Walk into a Volvo showroom and you’ll notice two things. One is that the S60 is now the company’s only saloon, as Volvo has virtually become an SUV company; and two, the SUV fleet, while unmistakably Volvo in look, hasn’t followed the Russian doll concept of its competitors, where seemingly the only difference between models is their scale.
The compact XC40 looks noticeably different from its larger XC60 and XC90 cousins, yet retains Volvo’s design cues such as its Thor’s hammer headlight style and striking LED taillights.
The Volvo XC40 T4 R-Design, to give it its full name, is a class act because it does not pretend to mimic its competitors (think Mercedes-Benz GLA, Audi Q3, BMW X1 and Range Rover Evoque), taking a minimalist approach inside and out, yet raising the bar for subdued quality.
Beneath the skin sits Volvo’s CMA (Compact Modular Architecture) platform, which underpins its every small model, so it has the design freedom of not being a shrunk version of the XC and uses a more cost-efficient four-link, steel rear suspension instead of the composite five-link units in the bigger cars.
The CMA platform also keeps the price down as it’s shared with premium Chinese-Swedish brand Lynk & Co that’s also owned by Volvo’s parent, Geely, but was engineered in Sweden, using Volvo's transversely-mounted, turbocharged, two-litre, four-cylinder engine.
Applying the same approach that brought us the light and airy interiors of the XC60 and XC90, the XC40 eschews similar levels of cabin sophistication with an interior that looks and feels luxurious and expensive, yet also informal and pleasant.
The front seats are some of the best you’ll find in a family SUV, offering a wide range of adjustment for tilt and height with four-way electric lumbar adjustment. You sit high with a good view of the road ahead, helped by the relatively slim windscreen pillars and large door mirrors. This doesn't pretend to be a low-slung crossover and feels like a proper SUV from behind the wheel, as opposed to a beefed-up hatchback.
However, the kicked up rear window line cuts into the rear vision, so its parking sensors on the back are essential and are helped by a 360º camera for tight spaces.
Narrow, vertical air vents further differentiate the Volvo from its contemporaries and look good against unique, decorative foils that form the dash, scalloped out of the main surface. Its chequerboard, machined aluminium look is an eye-catcher and different from the usual timber veneers, reflecting light during the day and backlit at night.
In the centre is a 9-inch, portrait touchscreen that operates the majority of the car’s functions including the entertainment, navigation, heating, ventilation, air conditioning and vehicle settings. A row of buttons sits beneath for quick access to the volume, hazard lights and window demisting.
As with other Volvos that use this system, while it has good graphics, it’s not easy to use when on the move. The absence of physical buttons for the climate AC and radio, for example, is annoying, as altering settings on the move require you to take your eyes off the road. Having to delve into the infotainment touchscreen to adjust virtually everything, places form above function and is very unlike Volvo. A simple rotary control is easier to use on the go and, in most cases, safer as well.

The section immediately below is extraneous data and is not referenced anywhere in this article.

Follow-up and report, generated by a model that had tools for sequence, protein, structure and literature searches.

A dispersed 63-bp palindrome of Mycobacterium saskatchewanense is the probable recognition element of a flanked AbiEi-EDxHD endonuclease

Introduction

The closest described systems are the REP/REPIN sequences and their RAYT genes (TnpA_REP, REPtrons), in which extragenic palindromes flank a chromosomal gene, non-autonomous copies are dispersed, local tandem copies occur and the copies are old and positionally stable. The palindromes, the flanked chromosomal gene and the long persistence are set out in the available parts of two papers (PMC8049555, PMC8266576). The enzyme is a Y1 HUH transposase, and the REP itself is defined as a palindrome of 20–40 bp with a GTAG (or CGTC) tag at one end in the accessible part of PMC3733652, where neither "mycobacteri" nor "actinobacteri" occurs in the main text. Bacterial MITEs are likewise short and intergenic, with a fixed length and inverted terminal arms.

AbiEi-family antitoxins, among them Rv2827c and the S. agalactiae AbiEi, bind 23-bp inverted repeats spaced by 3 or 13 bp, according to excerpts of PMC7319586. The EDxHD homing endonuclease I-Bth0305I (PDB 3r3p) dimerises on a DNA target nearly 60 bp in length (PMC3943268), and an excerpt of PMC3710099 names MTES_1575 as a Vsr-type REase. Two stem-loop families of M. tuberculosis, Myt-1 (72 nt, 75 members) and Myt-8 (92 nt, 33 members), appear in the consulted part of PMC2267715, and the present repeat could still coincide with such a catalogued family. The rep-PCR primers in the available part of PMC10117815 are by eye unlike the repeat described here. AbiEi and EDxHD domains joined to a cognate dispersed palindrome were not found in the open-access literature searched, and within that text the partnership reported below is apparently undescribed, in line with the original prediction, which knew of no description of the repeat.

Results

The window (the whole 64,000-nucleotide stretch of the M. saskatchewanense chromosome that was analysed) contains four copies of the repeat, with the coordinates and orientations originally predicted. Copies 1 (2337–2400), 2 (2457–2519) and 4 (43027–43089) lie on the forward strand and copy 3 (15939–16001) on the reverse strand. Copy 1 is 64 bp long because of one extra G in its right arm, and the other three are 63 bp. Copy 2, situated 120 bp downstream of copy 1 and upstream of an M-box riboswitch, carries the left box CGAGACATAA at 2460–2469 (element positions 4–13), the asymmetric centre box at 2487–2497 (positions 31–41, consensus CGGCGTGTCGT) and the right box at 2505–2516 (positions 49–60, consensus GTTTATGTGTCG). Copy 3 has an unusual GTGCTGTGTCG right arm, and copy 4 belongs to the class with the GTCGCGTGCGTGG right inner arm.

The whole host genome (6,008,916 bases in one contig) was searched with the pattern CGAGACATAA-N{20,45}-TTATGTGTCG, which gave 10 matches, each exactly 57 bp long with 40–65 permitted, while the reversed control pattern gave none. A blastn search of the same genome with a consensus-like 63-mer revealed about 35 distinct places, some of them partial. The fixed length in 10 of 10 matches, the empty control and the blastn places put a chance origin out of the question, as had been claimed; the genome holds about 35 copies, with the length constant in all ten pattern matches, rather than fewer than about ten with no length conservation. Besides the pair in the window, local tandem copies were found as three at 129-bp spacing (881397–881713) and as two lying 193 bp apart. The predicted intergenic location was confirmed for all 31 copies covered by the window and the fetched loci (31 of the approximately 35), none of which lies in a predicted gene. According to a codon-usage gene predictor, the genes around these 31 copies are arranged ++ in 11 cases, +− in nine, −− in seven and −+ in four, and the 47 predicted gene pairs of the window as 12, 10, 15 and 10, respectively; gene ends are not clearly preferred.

Having said that, mirroring Apple CarPlay and Android Auto from your phone is always welcome as is the wireless phone charging and its 13-speaker Harman Kardon premium sound system.
Even with the full-length panoramic sunroof, head room is exceptional, and overall interior space and storage compartments are generous. Having said that, the rear seat area falls short of the Volkswagen Tiguan, where the short seat cushions force taller adults to sit more upright to use less rear legroom.
At 2,702 millimetres, the XC40’s wheelbase is only 72mm shorter than the XC60’s, so although it might be a smaller model, it does not come with a huge practicality compromise. There’s also 432 litres of rear stowage available that, again, is less than the Tiguan, but still good enough for a few suitcases.
The R-Design model tested was fitted with 20-inch alloys and a slightly stiffer suspension, which does not make the car too tight over bumps, but reduces the bodyroll from its higher centre of gravity and even around town over speed humps.
Volvo promotes the XC40 R-Design as its most agile SUV, but doesn’t go so far as to say it’s a sports SUV or even the most driver-focused option on the market. It handles perfectly well if you drive it in a relaxed manner, as nearly every owner will, but if you do press on, that bodyroll will eventually kick in as it moves outside its comfort zone.
The steering is consistent with its medium pacing, and feels light but isolated from the influences of bump and traction. On the highway, it gave a silky, quiet ride to match its impressive cabin sealing and its Pilot Assist lane keeping, and radar cruise control systems worked equally as well as they do on the bigger models.
The XC40 is pragmatic, dependable, comfortable and secure, and instead of goading you into vigorous driving, keeps you calm, so is very much the quintessential Volvo. At the same time, it’s polished and stylish in a subdued way, so what you have in the long term is a desirable product backed with substance.